Microsoft’s blue screen of death (BSOD) is an institution in the Windows world and has long served as the signal that something is very wrong with the OS. Over the years Microsoft has updated the screen with more precise explanations for what went wrong, but the screen has almost always been blue.
But in Windows 11, which Microsoft released a week ago to Windows Insiders testers, the B in the BSOD acronym has changed from blue to black.
It’s not a massive change but the blue screen BSOD is familiar to millions of people across the world.
Via EuroJournal, the new black screen was discovered by Windows Insider participant Martin Nobel, who’s posted a video of the new BSOD.
Windows 11 is a step change compared to recent Windows 10 releases, which have been largely incremental, but there are a bunch of questions about Windows 11 compatibility with today’s hardware, which EuroJournal’s Windows watcher Ed Bott has a good rundown on.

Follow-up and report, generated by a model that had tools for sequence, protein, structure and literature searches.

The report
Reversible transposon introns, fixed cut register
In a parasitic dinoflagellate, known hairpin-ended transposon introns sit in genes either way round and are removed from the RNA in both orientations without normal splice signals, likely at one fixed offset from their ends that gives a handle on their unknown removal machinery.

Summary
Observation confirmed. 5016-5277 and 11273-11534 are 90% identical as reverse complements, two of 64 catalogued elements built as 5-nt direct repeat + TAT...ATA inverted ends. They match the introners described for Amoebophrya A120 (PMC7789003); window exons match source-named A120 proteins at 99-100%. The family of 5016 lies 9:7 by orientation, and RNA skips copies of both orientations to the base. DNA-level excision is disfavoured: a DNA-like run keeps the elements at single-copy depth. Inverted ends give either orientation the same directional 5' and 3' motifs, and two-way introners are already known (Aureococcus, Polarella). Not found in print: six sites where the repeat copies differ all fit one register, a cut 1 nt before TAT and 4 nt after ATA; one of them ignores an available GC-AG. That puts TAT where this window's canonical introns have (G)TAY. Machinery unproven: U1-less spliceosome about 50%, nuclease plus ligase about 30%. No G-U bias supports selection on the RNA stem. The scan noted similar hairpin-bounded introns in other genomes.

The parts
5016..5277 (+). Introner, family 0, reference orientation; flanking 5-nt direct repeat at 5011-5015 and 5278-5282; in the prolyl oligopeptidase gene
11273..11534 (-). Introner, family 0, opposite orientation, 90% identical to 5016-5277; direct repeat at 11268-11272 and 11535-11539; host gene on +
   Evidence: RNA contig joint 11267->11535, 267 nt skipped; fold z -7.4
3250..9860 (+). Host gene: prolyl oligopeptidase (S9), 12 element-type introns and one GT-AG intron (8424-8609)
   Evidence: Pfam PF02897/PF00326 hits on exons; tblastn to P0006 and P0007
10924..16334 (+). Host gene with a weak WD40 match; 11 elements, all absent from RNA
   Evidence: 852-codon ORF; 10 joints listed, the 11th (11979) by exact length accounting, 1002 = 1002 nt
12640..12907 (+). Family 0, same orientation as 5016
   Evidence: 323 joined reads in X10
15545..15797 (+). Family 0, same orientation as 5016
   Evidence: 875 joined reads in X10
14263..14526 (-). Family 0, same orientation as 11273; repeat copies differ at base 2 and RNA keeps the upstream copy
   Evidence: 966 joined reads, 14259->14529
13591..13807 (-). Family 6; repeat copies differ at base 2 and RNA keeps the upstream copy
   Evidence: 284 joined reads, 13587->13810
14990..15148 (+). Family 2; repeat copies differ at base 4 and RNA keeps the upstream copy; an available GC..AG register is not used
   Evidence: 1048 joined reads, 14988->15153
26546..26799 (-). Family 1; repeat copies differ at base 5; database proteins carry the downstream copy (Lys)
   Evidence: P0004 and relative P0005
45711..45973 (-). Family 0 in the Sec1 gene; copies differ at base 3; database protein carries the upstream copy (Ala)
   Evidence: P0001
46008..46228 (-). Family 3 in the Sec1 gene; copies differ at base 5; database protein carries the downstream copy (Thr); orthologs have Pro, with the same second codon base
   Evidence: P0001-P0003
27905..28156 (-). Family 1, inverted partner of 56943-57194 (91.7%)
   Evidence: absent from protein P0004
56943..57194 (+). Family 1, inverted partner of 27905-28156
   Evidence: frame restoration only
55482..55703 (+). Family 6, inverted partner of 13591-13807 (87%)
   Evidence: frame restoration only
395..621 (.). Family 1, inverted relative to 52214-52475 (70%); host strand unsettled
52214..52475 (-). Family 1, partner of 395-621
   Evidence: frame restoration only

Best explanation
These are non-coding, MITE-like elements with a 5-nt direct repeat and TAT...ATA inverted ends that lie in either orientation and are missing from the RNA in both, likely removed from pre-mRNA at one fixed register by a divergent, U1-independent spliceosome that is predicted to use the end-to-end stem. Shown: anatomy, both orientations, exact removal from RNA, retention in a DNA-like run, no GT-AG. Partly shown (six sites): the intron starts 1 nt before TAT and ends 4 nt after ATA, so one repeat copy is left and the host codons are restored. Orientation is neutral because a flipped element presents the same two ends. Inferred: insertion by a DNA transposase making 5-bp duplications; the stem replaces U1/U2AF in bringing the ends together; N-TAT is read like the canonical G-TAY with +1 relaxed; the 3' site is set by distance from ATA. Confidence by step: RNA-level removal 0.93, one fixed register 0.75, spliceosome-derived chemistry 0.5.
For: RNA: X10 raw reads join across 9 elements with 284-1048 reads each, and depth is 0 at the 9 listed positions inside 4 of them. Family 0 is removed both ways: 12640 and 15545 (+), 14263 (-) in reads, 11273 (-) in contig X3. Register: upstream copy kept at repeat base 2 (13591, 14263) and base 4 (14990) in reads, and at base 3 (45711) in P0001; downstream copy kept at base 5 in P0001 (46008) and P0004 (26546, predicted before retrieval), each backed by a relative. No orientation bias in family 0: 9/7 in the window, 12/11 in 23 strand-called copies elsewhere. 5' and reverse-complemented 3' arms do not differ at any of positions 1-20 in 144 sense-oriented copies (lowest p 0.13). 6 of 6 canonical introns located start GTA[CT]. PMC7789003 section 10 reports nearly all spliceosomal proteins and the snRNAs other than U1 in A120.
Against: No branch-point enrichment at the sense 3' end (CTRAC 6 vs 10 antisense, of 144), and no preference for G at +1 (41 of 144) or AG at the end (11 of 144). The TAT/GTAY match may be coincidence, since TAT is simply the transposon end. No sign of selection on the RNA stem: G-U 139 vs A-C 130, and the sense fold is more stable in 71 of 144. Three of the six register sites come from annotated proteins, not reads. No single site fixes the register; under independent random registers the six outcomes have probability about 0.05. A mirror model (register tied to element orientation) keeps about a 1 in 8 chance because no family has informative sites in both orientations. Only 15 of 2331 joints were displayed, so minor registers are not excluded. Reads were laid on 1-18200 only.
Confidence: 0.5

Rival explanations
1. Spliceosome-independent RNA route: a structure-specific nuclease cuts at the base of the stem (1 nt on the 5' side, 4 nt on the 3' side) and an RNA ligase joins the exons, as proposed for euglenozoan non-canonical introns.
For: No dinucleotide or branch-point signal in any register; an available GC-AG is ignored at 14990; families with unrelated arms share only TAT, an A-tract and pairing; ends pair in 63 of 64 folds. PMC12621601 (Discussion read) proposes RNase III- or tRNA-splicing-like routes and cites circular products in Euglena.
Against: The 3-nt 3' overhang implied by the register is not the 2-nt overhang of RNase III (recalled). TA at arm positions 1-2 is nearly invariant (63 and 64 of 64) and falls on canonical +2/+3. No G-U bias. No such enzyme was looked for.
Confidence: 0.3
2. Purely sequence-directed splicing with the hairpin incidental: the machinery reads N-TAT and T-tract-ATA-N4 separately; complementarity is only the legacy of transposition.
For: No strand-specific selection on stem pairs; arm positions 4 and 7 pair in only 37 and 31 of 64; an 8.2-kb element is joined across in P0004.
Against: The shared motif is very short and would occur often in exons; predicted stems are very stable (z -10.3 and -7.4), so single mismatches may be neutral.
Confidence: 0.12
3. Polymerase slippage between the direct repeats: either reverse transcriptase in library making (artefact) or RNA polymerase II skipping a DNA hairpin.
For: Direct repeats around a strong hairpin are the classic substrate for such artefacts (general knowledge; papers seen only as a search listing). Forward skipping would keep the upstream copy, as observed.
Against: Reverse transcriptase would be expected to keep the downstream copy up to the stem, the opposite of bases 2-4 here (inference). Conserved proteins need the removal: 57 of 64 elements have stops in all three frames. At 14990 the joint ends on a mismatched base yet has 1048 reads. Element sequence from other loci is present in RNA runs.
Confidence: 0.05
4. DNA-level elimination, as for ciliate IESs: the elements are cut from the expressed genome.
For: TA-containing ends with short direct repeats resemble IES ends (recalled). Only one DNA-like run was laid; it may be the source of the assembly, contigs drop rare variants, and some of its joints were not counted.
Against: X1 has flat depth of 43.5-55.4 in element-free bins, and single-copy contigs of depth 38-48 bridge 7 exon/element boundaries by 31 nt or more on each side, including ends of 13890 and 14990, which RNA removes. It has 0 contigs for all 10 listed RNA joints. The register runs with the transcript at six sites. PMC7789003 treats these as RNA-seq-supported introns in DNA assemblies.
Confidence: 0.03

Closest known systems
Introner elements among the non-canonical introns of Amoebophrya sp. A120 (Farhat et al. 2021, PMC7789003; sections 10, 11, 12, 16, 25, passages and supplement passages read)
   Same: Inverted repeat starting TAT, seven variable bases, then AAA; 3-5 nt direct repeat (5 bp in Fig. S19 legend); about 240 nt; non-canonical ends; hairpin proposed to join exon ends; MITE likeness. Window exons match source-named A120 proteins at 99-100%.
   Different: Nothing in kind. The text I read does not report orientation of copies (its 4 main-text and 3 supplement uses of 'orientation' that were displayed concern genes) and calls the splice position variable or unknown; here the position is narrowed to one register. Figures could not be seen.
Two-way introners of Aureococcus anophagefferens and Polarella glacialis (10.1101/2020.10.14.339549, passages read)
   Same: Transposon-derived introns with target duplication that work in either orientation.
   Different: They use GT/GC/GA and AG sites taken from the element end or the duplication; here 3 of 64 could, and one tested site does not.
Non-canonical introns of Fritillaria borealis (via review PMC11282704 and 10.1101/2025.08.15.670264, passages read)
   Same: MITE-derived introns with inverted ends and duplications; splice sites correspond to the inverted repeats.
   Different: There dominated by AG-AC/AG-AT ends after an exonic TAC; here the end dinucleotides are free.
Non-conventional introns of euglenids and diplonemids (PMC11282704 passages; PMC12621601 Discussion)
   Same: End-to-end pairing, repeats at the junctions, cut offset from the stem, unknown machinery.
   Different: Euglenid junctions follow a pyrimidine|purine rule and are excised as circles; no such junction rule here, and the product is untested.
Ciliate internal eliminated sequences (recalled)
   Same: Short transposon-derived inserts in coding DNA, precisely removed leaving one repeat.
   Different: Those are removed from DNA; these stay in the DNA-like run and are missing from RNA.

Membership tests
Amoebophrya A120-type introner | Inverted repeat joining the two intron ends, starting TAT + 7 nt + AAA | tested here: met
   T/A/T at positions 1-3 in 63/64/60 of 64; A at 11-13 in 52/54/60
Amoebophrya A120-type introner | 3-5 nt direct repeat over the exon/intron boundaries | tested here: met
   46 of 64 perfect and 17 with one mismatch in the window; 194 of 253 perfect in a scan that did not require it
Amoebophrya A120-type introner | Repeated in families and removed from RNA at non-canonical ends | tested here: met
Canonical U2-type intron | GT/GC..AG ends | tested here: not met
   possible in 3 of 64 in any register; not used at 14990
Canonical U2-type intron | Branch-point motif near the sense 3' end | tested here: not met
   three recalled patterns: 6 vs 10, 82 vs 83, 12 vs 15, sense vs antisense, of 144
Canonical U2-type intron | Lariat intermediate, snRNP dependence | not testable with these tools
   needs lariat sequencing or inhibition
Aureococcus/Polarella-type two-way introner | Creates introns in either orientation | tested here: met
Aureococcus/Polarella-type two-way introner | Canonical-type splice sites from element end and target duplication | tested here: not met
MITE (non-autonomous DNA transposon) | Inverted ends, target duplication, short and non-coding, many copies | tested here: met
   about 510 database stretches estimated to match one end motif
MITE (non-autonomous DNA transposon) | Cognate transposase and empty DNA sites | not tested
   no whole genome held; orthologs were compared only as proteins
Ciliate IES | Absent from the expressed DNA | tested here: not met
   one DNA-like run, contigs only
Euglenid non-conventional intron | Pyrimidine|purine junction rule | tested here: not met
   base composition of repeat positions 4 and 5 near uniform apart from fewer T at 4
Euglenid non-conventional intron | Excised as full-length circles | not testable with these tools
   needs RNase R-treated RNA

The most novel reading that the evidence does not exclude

As Bott notes, users need a 64-bit Intel or AMD processor running at 1 GHz with two or more cores, compatible Arm System on a Chip. On Windows 11, 32-bit (x86) CPUs are no longer supported and users need 4 GB of RAM and 64 GB of storage. Fortunately, most PCs built in the last 10 years meet those specs but the hardware needs to support need a Trusted Platform Module, or TPM, version 2.0 to run Windows 11.
But the change to the fatal error page is a notable change given the various user interface (UI) changes that Microsoft is introducing with its Sun Valley project that are coming in Windows 11.
A big change on the horizon with Windows 11 is that Microsoft plans to make Android apps available through the Microsoft Store under a much needed revamp of the store that also encompasses Win32 apps and Progressive Web Apps. Microsoft is also adding Office, Edge, and Visual Studio to the Store.